Village Administrator Michael Pollocoff testified in a deposition that the ordinance’s goal was to reduce the number of child sex offenders living in the village.  The ordinance may be counterproductive to citizen safety, as Pollocoff admitted that turning child sex offenders into outcasts had “more deleterious (or harmful) impacts.”

Mark Weinberg, a Chicago attorney who filed the suit, called the decision uncommon and important.  “There are a lot of other communities in Kenosha County with similar ordinances. I hope this decision will encourage them to re-evaluate theirs,” he said.  MORE:



Written by 

This post was written by someone, or multiple people, within NARSOL.

8 Thoughts to “WIN in Wisconsin – federal judge strikes down banishment law”

  1. AvatarO

    Yes restrictions on where sex offenders are harsh becaus it makes it hard to live. In Ga I can’t live near a church and there is a church almost in every corner. I think it’s all political like the article says it’s for brownie points

  2. AvatarT

    It also doesn’t work for law enforcement also because they will have a hard time keeping up with certain areas where registrants can and cannot live, as well as having a place to live so that you’ll be able to look for work. The residency restricted should be abolished.

  3. AvatarRich

    I wish Alabama had a group to challenge this state’s law. SB301 will make things even worse. Being at any place more than 4hrs in one day, more than 3 days will constitute residency. It seems there is no end.

    1. AvatarScott

      Just contact some civil rights lawyers and ask them if they want to get invovled. They might take some educating on the issues so meet them for coffee and spend some time doing the educating. Some will take cases on a contingency basis so they only get paid by the state when they win. Try this guy in Birmingham:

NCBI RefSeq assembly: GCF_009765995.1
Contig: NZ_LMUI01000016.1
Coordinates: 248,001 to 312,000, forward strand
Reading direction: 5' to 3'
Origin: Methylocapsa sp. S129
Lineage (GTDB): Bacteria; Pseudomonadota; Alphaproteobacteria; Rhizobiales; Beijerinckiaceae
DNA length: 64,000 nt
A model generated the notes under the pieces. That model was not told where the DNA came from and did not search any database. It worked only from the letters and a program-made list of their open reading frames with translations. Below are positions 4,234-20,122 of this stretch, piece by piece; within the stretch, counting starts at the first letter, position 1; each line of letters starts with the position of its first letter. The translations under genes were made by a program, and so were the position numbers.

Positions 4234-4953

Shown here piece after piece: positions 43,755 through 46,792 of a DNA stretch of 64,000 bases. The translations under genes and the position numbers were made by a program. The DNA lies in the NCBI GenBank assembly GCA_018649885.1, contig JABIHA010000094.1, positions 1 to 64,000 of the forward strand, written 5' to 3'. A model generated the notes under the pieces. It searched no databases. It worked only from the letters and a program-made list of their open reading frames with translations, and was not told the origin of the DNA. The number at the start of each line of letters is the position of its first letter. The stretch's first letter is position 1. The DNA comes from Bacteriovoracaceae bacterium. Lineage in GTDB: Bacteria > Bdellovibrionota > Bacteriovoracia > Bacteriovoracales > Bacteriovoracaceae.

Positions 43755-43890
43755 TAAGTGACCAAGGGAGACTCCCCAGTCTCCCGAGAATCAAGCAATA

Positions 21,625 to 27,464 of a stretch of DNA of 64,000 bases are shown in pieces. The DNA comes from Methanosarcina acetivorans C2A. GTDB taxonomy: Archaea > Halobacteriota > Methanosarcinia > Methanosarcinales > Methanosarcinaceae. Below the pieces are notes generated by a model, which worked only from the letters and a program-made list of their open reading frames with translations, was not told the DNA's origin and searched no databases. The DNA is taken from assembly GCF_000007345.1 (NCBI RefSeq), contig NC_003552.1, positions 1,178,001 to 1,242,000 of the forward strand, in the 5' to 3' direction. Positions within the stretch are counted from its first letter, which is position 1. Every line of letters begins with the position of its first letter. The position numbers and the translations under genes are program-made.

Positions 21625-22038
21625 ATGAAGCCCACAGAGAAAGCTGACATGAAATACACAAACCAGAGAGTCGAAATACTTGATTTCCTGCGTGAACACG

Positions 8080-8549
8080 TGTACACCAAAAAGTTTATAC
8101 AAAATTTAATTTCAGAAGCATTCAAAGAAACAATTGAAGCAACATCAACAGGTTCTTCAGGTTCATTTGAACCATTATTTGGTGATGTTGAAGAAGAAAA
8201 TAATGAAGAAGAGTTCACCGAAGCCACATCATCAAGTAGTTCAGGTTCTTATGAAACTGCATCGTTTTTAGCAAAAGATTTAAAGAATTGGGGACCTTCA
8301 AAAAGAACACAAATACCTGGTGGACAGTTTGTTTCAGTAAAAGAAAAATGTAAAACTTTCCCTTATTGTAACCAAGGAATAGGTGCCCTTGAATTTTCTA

4. Avatardavid

    Of course residency restrictions make no sense. Using this logic, we should require all those convicted of drunk driving to live 500 feet from anywhere that serves alcohol.

    1. AvatarVeronica

      These restrictions are ridiculous and has caused more homelessness, children and others suffer enough collateral damage of just being labeled and the stigma behind it that families must endure. No one should be without a place to live. Our country is becoming more and more insensitive to humanity. I wonder what would they do if one of them had to deal with being a registered sex offender, how would they like it.

  5. AvatarRajendra

    These are like breadcrumbs and meanwhile new laws are being passed that undermine more civil liberties. Why can’t we all take the case to the Supreme Court of the US regarding the unconstitutionality of the registry and the related laws with the facts and data?

    1. Avatarjp

      where u from Raj..???if u dont mind me asking, im on registry but recently my DA took my statue 7a, 7b in NC off. that statue restrict from being all the places where minors gather, now i am allowed though still remain in registry. does this make sense? i hope there is a lawyer out there to help me get my name off the registry.

Comments are closed.